• Yield curve target: The Reserve Bank has abandoned the April 2024 bond yield target of 0.1 per cent with immediate effect, “reflecting the improvement in the economy and the earlier-than-expected progress towards the inflation target. Given that other market interest rates have moved in response to the increased likelihood of higher inflation and lower unemployment, the effectiveness of the yield target in holding down the general structure of interest rates in Australia has diminished.”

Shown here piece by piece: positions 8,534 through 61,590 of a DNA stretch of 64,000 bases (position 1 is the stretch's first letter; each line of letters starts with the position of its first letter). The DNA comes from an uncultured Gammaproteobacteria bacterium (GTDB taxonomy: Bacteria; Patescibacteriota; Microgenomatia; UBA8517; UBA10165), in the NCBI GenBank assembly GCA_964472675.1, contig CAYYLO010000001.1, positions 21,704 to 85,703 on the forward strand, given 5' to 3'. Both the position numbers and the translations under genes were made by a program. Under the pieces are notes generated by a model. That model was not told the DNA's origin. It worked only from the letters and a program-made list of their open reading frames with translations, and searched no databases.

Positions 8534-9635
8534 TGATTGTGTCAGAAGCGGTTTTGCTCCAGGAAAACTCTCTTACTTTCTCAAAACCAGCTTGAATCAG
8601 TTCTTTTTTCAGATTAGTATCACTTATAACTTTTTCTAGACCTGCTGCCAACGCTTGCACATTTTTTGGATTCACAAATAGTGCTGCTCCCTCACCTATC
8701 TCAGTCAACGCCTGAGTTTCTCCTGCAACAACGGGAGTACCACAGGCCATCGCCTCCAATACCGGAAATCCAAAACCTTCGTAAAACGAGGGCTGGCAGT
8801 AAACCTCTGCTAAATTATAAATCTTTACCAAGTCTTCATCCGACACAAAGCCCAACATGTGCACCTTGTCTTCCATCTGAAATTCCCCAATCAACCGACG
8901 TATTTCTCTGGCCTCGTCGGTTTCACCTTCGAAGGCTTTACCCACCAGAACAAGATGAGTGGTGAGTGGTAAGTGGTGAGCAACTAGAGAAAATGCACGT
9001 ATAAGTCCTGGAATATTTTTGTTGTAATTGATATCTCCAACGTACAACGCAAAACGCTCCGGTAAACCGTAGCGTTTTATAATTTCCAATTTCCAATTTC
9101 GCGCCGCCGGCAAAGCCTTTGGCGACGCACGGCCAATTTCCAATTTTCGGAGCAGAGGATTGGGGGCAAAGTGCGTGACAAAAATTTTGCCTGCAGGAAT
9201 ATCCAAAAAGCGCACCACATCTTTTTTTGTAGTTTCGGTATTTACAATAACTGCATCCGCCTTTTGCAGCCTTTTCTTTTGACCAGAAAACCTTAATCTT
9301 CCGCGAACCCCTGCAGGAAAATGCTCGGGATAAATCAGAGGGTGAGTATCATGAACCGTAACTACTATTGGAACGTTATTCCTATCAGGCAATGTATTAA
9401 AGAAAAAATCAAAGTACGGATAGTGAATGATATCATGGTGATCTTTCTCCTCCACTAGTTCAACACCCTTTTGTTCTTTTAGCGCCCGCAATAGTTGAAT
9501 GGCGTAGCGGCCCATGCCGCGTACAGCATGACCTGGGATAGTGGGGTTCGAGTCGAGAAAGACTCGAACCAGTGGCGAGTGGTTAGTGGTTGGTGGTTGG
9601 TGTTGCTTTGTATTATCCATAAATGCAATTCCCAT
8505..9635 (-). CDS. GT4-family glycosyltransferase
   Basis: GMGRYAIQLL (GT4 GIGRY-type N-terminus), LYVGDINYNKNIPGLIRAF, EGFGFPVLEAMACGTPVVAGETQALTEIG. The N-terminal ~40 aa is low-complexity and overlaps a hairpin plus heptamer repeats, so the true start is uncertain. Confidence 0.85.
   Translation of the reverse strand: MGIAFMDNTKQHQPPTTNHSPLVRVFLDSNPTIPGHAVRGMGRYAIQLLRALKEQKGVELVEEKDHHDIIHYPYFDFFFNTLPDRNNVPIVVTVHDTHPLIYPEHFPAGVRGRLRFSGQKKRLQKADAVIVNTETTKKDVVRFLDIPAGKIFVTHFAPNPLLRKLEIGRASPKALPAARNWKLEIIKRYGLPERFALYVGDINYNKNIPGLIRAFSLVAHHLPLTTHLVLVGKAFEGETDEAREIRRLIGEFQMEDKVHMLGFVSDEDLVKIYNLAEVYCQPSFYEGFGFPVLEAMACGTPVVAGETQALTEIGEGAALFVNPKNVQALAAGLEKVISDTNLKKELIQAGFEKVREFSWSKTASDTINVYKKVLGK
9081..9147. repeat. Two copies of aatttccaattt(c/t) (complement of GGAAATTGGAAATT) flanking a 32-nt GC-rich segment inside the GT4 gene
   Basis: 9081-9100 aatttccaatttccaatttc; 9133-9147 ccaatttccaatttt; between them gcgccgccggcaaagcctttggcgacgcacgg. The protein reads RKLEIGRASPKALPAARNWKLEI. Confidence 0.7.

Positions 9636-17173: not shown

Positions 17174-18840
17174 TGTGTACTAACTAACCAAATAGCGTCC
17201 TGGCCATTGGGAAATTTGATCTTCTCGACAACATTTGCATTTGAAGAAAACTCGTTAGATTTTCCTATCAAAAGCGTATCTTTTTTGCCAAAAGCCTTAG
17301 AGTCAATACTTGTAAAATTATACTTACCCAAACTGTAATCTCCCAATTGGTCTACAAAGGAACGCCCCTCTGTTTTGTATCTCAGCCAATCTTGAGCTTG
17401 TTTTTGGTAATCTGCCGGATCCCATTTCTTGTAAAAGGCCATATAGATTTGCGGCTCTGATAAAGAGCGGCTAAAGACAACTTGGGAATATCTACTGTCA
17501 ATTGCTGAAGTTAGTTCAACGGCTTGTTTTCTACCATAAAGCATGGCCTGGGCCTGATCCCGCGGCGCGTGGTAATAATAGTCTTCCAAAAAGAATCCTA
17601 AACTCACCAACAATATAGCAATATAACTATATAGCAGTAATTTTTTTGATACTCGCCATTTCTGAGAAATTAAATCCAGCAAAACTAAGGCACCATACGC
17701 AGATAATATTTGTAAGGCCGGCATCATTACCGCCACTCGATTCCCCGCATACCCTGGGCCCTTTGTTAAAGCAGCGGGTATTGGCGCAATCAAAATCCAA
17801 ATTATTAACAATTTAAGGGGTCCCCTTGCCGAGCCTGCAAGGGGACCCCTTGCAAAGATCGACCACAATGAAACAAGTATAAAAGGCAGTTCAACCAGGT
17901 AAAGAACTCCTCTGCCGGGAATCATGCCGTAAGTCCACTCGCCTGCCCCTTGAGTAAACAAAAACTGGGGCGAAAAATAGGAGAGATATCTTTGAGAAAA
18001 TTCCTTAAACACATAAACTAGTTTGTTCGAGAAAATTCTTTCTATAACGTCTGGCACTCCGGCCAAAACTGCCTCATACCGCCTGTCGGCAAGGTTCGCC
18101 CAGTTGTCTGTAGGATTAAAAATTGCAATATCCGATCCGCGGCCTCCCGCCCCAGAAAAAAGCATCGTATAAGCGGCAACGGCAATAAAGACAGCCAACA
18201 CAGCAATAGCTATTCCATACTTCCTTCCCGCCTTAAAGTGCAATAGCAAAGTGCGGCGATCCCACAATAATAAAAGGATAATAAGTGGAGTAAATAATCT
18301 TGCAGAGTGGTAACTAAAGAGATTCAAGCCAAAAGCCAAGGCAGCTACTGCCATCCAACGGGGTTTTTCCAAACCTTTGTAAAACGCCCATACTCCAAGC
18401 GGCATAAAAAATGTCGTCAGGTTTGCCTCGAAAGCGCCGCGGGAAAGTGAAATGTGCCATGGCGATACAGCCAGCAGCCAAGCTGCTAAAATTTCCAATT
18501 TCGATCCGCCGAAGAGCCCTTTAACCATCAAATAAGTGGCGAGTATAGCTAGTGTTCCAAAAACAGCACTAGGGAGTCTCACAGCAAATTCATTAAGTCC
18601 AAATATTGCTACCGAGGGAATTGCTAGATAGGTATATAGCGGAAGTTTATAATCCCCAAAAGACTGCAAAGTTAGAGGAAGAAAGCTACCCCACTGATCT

• Cash rate forward guidance: The Reserve Bank also removed its previous forward interest rate guidance. It had previously said that the conditions for an interest rate lift-off were unlikely to be met before 2024. Instead now the RBA says, “The Board will not increase the cash rate until actual inflation is sustainably within the 2 to 3 per cent target range. This will require the labour market to be tight enough to generate wages growth that is materially higher than it is currently. This is likely to take some time. The Board is prepared to be patient, with the central forecast being for underlying inflation to be no higher than 2½ per cent at the end of 2023 and for only a gradual increase in wages growth.”